Data transformation and use
Informed consent requires sufficient understanding by all parties of how data will be transformed into meaningful information. It is in this transformation that many of the unintended consequences of data sharing and data collaboration take form. Use implies access, but the real issue at hand is accessing data to transform it into something else—information. This information is then used on its own, as insight, or to trigger actions. Whether those actions are executed by humans after manual digestion of those insights, or those actions are a response to logic programmed in advance by humans, the world of human ethics collides with the world of binary logic in a messy, hard-to-track decision tree with effects often more evocative of chaos theory than simple branched charts. Given this complexity, the best approach to managing user expectations around data transformation and use of resulting information is to provide clarity at the time of data collection as to intended and potential future uses. The goal is to ensure that meaningful consent is achieved.
Complexities of law and jurisdiction
While it is a common method of securing consent from a legal perspective, requiring users to grant use of data before accessing necessary services is often not in the user’s best interests. Moreover, such agreements may play on a lack of data fluency, even more so with use of complex legal language. End-User License Agreements (EULAs) and Terms of Service (TOS) agreements are the places where most of these data exchange agreements occur. The Electronic Frontier Foundation has been warning users of the rights they relinquish in these agreements since at least 2005. Case law in the United States and other jurisdictions provides limited protections to end-users and corporations, so the enforceability of EULAs and TOS agreements varies by jurisdiction.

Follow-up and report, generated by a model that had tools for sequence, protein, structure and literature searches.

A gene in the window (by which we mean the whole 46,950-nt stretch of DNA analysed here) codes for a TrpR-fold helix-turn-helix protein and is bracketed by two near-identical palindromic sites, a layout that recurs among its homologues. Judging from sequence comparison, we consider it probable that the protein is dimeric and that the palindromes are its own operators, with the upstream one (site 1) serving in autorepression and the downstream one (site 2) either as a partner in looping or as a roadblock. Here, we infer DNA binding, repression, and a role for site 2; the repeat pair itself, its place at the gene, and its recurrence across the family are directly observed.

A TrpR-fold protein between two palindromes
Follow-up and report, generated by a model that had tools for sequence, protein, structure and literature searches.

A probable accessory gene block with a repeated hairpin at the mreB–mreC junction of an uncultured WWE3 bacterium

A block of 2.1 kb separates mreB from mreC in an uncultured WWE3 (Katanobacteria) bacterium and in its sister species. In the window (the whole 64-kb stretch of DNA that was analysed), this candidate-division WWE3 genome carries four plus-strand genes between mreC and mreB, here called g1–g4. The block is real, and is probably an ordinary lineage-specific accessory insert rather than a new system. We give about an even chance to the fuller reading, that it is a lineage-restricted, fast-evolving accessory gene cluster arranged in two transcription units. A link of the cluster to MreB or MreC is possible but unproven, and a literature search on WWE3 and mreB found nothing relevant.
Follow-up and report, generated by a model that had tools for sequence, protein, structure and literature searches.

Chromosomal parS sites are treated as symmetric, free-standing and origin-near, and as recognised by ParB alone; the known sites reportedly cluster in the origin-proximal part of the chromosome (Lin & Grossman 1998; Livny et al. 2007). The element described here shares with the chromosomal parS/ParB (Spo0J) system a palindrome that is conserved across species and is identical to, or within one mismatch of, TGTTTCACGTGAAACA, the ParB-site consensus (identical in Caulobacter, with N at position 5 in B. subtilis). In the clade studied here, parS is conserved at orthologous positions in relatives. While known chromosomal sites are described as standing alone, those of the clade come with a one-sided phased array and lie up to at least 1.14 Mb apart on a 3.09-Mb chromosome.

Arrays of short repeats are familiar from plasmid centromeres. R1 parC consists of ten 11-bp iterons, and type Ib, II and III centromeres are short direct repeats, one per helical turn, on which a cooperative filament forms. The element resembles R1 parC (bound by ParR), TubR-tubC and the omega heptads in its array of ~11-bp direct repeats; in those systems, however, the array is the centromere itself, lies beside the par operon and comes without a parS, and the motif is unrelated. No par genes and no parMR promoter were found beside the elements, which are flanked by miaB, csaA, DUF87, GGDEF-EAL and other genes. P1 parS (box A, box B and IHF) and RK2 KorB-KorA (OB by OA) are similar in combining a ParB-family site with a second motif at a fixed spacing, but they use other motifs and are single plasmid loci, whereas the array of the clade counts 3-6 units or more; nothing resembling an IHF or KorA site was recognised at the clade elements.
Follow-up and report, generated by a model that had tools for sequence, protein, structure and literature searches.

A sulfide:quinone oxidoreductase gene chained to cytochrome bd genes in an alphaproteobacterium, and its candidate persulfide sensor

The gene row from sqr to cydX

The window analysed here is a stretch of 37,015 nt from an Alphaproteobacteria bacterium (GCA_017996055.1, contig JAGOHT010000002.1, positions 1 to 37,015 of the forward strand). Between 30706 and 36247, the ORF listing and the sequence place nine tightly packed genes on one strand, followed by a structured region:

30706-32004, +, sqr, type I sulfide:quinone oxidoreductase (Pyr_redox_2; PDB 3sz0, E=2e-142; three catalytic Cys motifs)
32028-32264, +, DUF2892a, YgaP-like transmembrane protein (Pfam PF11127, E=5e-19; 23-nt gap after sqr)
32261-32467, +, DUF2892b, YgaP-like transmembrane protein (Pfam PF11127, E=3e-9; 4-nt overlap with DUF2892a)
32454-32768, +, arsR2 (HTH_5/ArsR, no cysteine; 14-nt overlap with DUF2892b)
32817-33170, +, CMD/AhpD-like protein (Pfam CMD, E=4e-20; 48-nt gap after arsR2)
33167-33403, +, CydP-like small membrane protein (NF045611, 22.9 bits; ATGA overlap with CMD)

There has been widespread debate over enforceability within complex data relationships—especially those in which companies, users, and strategic data partners may exist in jurisdictions with conflicting case law. Perhaps most notable is the European Union’s decision to insist that all European user data be stored on servers housed in the EU, both to protect users from environments with less privacy-focused regulatory controls than the EU, and also to prevent government-sponsored surveillance and tampering.¹² However, this approach is incomplete because it is based on the belief that data being used is primarily at rest—stored statically—and primarily accessed by the same parties who stored it, on behalf of the same users. When data is often in motion between various servers and algorithms with massively complex interdependencies across state and corporate lines, such regulation provides little real protection for users. At the other end of the spectrum, strict interpretation could silo data about users in a way that limits meaningful use of the data by the people furnishing, storing or transforming it.
Mechanisms for consent
Informed consent is especially challenging in the digital age. The rapid transit of data from server to server, transformed through algorithms and intermingling with other data, means that the intentions and realities of each organization and individual that touches that data must to be understood in order to give fully informed consent. This happens in one of two ways: either through data-fluent, savvy users with access to transparency throughout the data supply chain; or through proxies of trust, where a trusted third party, approach, or standard is used as a proxy for trust in all entities along the data supply chain. For the latter category, there are multiple approaches to establishing trusted data use: